The HiFi Starters Club November 22 playlist……find it on Spotify here
1. “Ta Confiance’ by Kham Meslien from Fantomes…Futurs
A newcomer to the reference playlist, this is a stunning track for testing bass. Soundstage too; Meslien should be up front, huge. Yet you can hear right back into the acoustic as well. More importantly it’s lovely music; Meslien is an absolute master of his instrument. And yes it’s a slow, contemplative start. Fear not, the pace picks up at 1’38”.
2. “Everything In Its Right Place’ by Radiohead from Kid A Mnesia
Just great music; urgency, swirling synths, a driving rythmn. With more layers than a mille feuille – how well does your system unpick the plethora of things going on?
3. “Dies Irae’ by Jaap Van Zweden / NRP from Britten’s War Requiem
A change of pace to serious, large-scale orchestral music of the highest order. The recording is superb, capturing the forces at play. There aren’t many classical recording better than this.
4. “Dance on a Volcano’ by Steve Hackett from Live at the Royal Albert Hall
In essence Genesis at their theatrical best, giving it large at the Royal Albert Hall in a live recording. Pity the engineers – the RAH is a pig when it comes to sound quality, bass in particular bouncing around like nothing on earth. Yes the recording is heavy, focussed below the waist. It still captures the pomp of the music though.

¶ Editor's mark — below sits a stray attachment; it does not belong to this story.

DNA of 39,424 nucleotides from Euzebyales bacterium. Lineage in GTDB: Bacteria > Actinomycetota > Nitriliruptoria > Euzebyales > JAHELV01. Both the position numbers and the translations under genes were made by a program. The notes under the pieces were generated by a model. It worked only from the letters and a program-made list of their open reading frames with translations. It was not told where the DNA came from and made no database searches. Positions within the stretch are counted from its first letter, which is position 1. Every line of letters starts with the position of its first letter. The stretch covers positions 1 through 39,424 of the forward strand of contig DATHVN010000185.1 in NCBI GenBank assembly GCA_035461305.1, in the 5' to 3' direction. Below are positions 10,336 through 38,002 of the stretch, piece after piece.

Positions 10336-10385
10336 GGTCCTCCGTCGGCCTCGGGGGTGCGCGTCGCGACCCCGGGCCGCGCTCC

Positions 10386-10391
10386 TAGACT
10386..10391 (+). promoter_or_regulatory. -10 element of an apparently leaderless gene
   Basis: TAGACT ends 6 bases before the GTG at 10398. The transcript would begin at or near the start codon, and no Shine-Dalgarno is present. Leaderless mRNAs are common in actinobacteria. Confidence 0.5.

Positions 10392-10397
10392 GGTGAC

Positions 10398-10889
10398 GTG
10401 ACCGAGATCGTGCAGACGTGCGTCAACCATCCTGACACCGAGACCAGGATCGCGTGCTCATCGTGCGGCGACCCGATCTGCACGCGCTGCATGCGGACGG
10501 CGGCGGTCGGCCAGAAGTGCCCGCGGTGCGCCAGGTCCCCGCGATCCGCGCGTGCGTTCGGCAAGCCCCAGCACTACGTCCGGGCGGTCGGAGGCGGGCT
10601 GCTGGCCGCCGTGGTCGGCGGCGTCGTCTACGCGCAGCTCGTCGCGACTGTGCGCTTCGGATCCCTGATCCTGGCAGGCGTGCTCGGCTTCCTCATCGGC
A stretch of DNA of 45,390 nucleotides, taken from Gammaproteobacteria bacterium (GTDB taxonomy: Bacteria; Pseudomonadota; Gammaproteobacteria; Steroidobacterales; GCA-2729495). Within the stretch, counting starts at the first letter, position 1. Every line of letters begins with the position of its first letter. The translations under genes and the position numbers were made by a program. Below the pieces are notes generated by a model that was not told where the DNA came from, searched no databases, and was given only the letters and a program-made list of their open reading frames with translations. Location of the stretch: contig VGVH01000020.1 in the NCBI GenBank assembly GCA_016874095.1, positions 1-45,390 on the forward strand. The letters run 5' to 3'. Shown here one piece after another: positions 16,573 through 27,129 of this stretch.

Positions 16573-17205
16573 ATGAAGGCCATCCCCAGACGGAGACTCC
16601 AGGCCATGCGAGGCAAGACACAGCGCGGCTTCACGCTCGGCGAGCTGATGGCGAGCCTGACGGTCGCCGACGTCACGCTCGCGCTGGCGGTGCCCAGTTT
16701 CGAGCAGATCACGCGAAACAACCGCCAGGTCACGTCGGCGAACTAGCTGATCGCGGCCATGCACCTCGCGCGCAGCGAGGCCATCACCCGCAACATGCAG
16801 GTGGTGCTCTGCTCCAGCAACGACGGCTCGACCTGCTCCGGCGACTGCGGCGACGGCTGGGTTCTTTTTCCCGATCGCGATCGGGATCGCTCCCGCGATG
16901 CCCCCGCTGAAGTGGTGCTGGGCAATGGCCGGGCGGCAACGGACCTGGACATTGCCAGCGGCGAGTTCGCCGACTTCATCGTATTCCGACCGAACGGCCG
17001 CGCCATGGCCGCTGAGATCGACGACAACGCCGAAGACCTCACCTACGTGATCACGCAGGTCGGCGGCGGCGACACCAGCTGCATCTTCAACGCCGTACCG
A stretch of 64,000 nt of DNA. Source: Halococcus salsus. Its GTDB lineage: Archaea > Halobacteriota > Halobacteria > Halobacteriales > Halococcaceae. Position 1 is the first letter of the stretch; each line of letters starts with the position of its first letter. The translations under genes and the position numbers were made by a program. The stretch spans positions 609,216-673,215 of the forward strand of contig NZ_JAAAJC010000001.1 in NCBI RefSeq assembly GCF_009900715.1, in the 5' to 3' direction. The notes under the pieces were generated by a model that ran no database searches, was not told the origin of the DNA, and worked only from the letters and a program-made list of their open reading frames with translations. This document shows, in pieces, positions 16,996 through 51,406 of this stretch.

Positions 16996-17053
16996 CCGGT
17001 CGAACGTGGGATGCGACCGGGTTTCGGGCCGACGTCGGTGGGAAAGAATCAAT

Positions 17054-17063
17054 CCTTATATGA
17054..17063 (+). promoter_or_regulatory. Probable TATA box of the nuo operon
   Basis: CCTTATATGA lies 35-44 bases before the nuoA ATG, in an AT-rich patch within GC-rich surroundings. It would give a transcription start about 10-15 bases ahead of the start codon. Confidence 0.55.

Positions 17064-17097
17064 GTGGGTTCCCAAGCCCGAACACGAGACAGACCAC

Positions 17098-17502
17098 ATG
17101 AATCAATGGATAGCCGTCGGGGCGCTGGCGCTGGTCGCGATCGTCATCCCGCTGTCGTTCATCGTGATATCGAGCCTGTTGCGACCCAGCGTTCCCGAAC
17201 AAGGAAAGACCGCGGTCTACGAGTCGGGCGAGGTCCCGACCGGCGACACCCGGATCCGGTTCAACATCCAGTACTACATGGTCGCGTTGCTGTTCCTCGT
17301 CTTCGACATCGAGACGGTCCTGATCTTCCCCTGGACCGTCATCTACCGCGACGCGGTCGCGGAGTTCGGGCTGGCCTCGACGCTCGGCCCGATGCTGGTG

5. “Fantasia X’ by Anders Miolin from A Timeless Odyssey
How can 500 year old music sound so fresh? It was composed by Alonso Mudarra in Renaissance times. In Anders Miolin’s hands, courtesy of his 12-string guitar it has just as much relevance today. The recording is simple yet beautiful. A low (electrical) noise system helps get the most from the sparse music.
6. “La Grange‘ by ZZ Top from Goin’ 50
We’ll finish November’s list with a barnstomer from ZZ Top. The recording’s a bit bright but much like Metallica’s Enter Sandman you ignore that and just riff along with the music. The band is really tight, the music propels you along. You’ll here some audiophiles talk about PRAT – pace rythmn and timing. If I’m honest I’ve never been too sure what they mean. On a good system this track might be one example of it though.